If you have a product market fit, then your marketing of your products should get out of the way as fast as possible. And the best and easiest method of getting out of the way, is using a visual design, a way of doing things, a “grammar,” that your prospective customer is likely to be familiar with.
Wanting a “creative,” and “different” website is natural. You want to be different. But “being different” about the way you present your products -if they are good products that the customers actually want to buy- is usually going to be a waste of your, and more importantly, the customer’s time.
Think about it. When you walk into a car dealership, you look around for the person who can answer your questions about the car. You expect that person to be in a suit, maybe with a nametag, so that you can recognize him or her easily. If someone came up to you in cutoff jeans and a bolo hat, smoking a cigar, you’d certainly remember that. But would you want to buy a car from them?
My guess is no. Because you didn’t come into the shop to appreciate a creative salesman. You came into the shop to appreciate and learn about a car you’d like to buy. The salesman wears a suit because he doesn’t want to distract you from doing exactly what you want to do anyway.
That is where the sameness of design comes from. As products get better, more specialized, and more powerful, the trappings of how we talk about them, and how we present them online actually get more straightforward. As we are all more comfortable with the ideas and the types of products we are discussing, the need for bells and whistles slowly diminishes.
A Mature Market Means a Shorter Sales Cycle
My father once took me with him to buy a car, when I was a little boy. This was in the early 90s. The salesman called the morning of the visit, and we spent hours talking with him about the cars my father was looking at. He took us to lunch, and on a drive in the car my father wanted to buy. They went through pages of options for the car, discussing all of them. They haggled some more, and they had coffee. They discussed financing. We spent 6 hours at the dealership.
This year, 25 years later, I bought the first car I could call my own, for my own family. The saleswoman was pleasant, and offered me coffee. The meeting took less than an hour, including the test drive.
Why? Because I had spent time at home configuring the car I wanted to buy on the company’s website. I had printed out the options I wanted, so when I got there, the deal was practically done already. She gave me a few pieces of advice, trying to upsell me on a few items. That was about it.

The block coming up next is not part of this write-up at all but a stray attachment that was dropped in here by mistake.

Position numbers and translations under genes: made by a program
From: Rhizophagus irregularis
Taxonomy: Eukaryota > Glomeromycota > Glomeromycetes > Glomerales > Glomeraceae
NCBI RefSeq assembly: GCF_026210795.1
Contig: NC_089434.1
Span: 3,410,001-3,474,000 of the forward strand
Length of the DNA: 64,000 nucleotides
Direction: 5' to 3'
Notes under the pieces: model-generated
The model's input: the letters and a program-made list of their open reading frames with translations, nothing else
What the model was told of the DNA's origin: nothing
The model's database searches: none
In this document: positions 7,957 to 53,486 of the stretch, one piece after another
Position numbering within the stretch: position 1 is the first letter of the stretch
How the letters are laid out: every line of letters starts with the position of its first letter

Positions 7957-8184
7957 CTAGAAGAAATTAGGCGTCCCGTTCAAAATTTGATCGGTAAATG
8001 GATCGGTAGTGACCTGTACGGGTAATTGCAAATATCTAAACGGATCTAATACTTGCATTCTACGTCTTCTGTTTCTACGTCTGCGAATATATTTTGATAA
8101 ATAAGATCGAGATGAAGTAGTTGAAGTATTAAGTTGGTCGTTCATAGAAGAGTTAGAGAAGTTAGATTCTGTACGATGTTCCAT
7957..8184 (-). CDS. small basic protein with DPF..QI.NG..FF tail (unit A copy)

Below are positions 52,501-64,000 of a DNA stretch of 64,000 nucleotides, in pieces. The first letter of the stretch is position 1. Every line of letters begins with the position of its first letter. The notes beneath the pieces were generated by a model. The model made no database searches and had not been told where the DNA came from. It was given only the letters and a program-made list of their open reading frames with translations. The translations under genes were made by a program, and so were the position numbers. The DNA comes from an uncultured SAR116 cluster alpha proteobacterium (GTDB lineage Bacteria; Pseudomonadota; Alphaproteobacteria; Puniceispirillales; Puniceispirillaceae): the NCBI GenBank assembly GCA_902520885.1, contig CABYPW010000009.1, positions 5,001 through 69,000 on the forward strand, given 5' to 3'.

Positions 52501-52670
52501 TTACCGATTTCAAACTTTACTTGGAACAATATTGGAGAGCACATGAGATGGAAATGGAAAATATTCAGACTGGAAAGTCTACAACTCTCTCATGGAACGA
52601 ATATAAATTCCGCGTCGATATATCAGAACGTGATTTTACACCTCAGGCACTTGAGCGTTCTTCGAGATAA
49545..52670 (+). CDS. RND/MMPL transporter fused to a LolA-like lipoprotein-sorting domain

A car salesmen of a century ago would have been expected to take their clients to dinner, visit their homes, and work a sale for days or weeks. That was done because customers weren’t familiar yet with what they were buying. Trust in the dealer translated to trust in the product. But today, a Google search is a click away. Trust is statistical; scientific.
The web has followed a similar evolution: today, people expect the sales cycle to be short, and they’ll punish you for making them jump through any hoops. Every step between the customer and the content, or between the customer and the purchase, is a step that some customers would rather skip, and a step that is likely to diminish trust, rather than enhance it.
Clean and Frictionless are Two Separate Qualities
In our last cohort, one of our startups showed me a landing page that was nothing but an image, and a headline with a provocative question. It was something like: “Do you believe in True Love?” There were two large buttons: Yes, and No.
“Ok…” I said. “And now what?”
“Well,” the founder said, “It inspires you to click on it to give your answer.”
“Ok,” I said. And I clicked “no.”
Another text appeared: “Are you sure?”
I got what he was trying to do. Our generation has been raised on a diet of “interactive,” that promotes the idea of interaction without actual engagement with anything. It’s a ploy. Like having a popup in a video game that says: “press X repeatedly.”
But at least in a video game, the designer would be trying to trick you into feeling like you’re having fun after you’ve bought the game. We can tolerate trickery of this kind. It’s expected, and we’re already invested in the product. But for a landing page?
First, the visitor has already clicked a link or entered a URL to get to the site. That’s 1 action. Now they’re being presented with an “activating” action that doesn’t accomplish anything they haven’t already decided to do.
Would the prospective user be much more likely to download the app or buy the product after being activated twice? Not likely. Would the person who clicked “yes,” then be significantly more likely to download the app, than that same person would have been, if they had not been “activated” in this way? I don’t think so. And there would be no way to test it anyway.
Second, this sort of landing page is a conceit that people recognize for what it is. But whereas we’ll accept this kind of trick in a video game as part of the experience, a landing page has no “buy-in” from a visitor that ensures they’ll put up with your nonsense. They would have to click to get to the site, then click “yes,” and only then would you even get a chance to persuade them to buy or look at or download something.